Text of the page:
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They Just Don't Get it
Financial Sense University ^ | March 7, 2008 | Peter Schiff

Posted on 03/08/2008 5:31:18 AM PST by Travis McGee

Prior to my last appearance on CNBC in October 2007, I had made more than 50 appearances on the network over the prior two years. In those segments, I repeatedly exposed the superficiality of our prosperity, described the American economy as a “house of cards”, pointed out that borrowing and spending were a ticking time bomb rather than a viable plan for long term economic health, and explained how investors could prepare for the tough times ahead. At the time, those forecasts were met with ridicule and led to my being nicknamed “Dr. Doom”. Now that these predictions have come to pass, most on CNBC now claim that no one saw it coming!

In my 2006 and 2007 on-air appearances, to a chorus of sneers and laughter, I predicted the bursting of the housing bubble, the collapse of the subprime mortgage market, the credit crisis, tightening lending standards, waves of defaults, bankruptcies and foreclosures, weakness in financials, retailers and homebuilders, stagflation, surging gold, oil and other commodity prices, soaring federal budget deficits and a collapse in the value of the U.S. dollar. You would have thought that some of the reasons I gave for making those predictions would now be given some credence. They have not.

The current line at CNBC is that, prior to the “unexpected” contagion emanating from the subprime mess the U.S. economy was experiencing a “Goldilocks” era of optimal health. They now believe that if the Fed and the Government can divine the right combination of fiscal and monetary policy, Goldilocks will once again be blissfully picking daisies…or more precisely, buying SUV’s. Unfortunately, as I said then, Goldilocks was, and still is, a fairy tale. In fact, the unfolding economic disaster is a direct consequence of the misguided faith placed in that absurdly optimistic parable. And since they were incapable of diagnosing the disease, is it any wonder that their cures are completely ineffective?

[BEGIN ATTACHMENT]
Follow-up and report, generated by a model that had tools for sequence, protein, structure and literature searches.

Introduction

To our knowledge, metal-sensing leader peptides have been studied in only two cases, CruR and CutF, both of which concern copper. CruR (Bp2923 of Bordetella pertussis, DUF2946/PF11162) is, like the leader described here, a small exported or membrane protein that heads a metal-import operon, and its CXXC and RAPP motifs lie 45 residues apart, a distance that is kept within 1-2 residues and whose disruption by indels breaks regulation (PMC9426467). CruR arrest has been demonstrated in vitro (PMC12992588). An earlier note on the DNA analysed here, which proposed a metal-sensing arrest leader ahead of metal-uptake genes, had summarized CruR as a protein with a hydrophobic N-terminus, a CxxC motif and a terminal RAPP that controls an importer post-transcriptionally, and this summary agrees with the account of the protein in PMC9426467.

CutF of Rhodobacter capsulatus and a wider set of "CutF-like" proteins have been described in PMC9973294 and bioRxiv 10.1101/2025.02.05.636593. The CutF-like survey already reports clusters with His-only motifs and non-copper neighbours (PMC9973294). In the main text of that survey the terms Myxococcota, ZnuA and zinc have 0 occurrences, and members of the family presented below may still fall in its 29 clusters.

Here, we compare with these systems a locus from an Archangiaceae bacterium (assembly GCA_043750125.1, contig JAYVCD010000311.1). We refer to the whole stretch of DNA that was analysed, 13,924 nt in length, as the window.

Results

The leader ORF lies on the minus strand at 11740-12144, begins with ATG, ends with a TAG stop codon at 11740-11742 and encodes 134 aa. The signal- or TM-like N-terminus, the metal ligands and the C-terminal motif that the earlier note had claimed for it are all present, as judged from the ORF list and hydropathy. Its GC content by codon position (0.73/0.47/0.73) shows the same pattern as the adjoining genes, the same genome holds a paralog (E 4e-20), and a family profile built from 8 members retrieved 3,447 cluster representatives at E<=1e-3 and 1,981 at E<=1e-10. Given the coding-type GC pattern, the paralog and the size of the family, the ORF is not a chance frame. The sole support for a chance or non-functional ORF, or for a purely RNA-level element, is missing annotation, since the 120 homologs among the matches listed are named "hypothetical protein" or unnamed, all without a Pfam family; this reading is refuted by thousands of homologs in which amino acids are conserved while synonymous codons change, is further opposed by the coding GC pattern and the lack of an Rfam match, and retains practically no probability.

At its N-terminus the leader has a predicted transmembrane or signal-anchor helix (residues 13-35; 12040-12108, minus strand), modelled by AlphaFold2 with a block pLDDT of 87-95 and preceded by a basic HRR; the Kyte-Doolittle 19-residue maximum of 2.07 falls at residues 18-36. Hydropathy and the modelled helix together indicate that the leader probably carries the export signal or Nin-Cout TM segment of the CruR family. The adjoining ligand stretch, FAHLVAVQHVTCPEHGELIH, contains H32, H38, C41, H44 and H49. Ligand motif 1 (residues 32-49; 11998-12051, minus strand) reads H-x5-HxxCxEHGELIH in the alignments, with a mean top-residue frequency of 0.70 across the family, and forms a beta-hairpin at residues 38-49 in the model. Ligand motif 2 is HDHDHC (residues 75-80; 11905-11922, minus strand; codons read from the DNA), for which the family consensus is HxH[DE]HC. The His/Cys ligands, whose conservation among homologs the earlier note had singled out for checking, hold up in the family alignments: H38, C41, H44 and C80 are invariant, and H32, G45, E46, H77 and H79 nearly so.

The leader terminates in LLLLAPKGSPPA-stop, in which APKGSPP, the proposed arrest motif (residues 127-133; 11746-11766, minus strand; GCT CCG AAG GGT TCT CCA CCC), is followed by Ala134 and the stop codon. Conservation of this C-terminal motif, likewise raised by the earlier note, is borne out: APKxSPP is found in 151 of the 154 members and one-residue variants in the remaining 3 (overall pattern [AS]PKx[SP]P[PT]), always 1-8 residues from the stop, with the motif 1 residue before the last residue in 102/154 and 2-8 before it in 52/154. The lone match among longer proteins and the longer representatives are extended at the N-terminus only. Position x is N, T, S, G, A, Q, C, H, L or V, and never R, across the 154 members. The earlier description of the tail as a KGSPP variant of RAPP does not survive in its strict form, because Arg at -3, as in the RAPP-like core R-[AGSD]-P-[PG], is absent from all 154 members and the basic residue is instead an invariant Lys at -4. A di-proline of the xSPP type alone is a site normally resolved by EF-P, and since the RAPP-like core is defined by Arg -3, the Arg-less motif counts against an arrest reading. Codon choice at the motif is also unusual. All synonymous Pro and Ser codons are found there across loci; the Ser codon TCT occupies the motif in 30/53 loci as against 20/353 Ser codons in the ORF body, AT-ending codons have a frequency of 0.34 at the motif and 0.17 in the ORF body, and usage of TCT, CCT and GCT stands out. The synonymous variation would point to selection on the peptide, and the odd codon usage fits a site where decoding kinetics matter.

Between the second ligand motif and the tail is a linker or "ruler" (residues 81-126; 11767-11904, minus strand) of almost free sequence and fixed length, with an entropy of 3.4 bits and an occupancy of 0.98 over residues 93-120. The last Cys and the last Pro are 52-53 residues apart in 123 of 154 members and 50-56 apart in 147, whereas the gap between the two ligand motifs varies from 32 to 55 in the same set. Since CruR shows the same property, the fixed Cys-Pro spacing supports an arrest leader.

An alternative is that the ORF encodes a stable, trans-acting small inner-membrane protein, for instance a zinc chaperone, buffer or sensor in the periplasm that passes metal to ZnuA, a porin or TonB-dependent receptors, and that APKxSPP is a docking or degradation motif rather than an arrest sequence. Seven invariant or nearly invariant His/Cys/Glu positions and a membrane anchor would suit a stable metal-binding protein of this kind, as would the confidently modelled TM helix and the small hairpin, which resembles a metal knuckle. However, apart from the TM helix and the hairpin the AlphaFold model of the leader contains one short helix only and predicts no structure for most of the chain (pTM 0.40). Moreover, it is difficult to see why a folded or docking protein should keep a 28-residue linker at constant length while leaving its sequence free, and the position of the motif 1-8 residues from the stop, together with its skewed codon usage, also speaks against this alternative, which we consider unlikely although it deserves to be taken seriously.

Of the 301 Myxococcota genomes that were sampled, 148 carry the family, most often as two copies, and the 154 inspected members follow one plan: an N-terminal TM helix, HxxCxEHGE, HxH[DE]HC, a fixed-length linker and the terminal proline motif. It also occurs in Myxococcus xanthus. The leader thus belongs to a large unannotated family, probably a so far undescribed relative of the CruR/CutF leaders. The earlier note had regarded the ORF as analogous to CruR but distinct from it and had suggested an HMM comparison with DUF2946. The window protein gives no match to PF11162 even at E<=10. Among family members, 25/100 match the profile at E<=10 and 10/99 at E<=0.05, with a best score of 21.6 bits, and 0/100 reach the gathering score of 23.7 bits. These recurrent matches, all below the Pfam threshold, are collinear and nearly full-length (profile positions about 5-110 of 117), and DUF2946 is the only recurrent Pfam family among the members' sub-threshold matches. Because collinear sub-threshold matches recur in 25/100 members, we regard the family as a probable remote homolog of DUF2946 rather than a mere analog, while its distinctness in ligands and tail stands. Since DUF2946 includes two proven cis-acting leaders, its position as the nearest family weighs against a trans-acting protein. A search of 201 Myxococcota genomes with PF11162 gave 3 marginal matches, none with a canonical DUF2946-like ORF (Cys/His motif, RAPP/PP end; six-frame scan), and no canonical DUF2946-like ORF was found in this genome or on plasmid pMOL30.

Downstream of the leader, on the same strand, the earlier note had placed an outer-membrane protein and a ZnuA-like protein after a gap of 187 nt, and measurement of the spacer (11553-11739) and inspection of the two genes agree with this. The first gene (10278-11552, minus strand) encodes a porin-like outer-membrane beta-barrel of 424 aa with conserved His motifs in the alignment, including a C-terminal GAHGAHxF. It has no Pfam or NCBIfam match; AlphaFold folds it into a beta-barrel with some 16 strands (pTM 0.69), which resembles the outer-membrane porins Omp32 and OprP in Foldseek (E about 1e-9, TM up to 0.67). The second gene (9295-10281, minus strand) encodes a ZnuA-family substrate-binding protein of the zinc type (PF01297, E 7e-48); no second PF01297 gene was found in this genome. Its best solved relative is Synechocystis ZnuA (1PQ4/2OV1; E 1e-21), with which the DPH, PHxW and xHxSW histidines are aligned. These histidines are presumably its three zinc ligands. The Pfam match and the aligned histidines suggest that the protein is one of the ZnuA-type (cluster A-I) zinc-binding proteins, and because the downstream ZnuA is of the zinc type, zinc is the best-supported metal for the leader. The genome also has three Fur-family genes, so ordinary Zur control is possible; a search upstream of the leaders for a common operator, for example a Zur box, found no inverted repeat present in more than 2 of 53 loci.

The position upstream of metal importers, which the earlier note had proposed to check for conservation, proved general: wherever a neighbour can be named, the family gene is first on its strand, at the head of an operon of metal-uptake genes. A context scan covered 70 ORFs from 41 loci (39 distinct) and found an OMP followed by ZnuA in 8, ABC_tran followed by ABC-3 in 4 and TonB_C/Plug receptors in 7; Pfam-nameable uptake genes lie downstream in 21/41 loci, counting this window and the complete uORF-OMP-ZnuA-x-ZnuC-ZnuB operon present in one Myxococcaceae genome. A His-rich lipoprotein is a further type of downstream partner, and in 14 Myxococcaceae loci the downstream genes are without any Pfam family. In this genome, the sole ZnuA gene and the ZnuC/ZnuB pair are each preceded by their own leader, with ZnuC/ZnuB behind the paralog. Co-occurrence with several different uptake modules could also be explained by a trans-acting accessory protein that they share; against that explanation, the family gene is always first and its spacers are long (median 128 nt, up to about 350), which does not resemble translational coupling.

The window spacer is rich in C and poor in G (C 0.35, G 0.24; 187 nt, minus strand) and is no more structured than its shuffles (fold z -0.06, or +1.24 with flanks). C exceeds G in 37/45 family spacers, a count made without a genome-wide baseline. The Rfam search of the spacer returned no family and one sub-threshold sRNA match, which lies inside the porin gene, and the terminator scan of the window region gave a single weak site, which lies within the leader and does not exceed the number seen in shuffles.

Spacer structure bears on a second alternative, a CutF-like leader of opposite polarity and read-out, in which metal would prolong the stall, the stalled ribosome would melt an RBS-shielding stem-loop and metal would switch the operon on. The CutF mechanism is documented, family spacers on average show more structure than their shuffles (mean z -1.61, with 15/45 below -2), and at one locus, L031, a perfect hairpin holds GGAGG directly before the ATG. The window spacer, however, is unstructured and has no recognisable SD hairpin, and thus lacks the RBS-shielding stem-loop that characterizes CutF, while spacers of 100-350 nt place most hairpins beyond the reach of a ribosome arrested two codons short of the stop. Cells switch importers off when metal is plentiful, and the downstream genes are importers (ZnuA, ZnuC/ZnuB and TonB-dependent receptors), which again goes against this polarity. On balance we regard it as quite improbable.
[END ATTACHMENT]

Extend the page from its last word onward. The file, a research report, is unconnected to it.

This lack of understanding is further confirmed by the skepticism with which the mainstream financial community still regards my diagnosis. For example, in a Feb 22, 2008 article in TheStreet.com, entitled “Dr. Doom Zeros in on Inflation”, Mike Holland, a CNBC regular leveled two common criticisms often used to discredit me. Holland says “investors who listened to Schiff throughout the recent bull market missed out on some attractive returns in the stock market” and “A broken clock is right twice a day. If you say things are going to be bad long enough, eventually you're going to be right."

What attractive returns does Holland think my clients missed out on? Those who followed my advice invested in foreign stocks, bonds and currencies, as well as precious metals, oil and other commodities. Investors who listened to me instead enjoyed much greater returns by participating in the real bull markets. It’s amazing how few people have managed to figure this out!

The “stopped clock” analogy is one I have been dealing with for years. Those using it maintain that my early warnings invalidate my forecasts. It is precisely because my warnings were so early that they were so valuable to investors. In addition, such charges assume that the current downturn is unrelated to those warnings and that my critique of the U.S. economy was inaccurate until now. My critics, the real stopped clocks, still do not understand that the phony prosperity they were defending and that I was challenging lies at the root of the current crises. When the bubble was still inflating it is understandable that those trapped inside viewed me as a stopped clock. However, now that it has burst, it is amazing how many still cannot get the soap out of their eyes.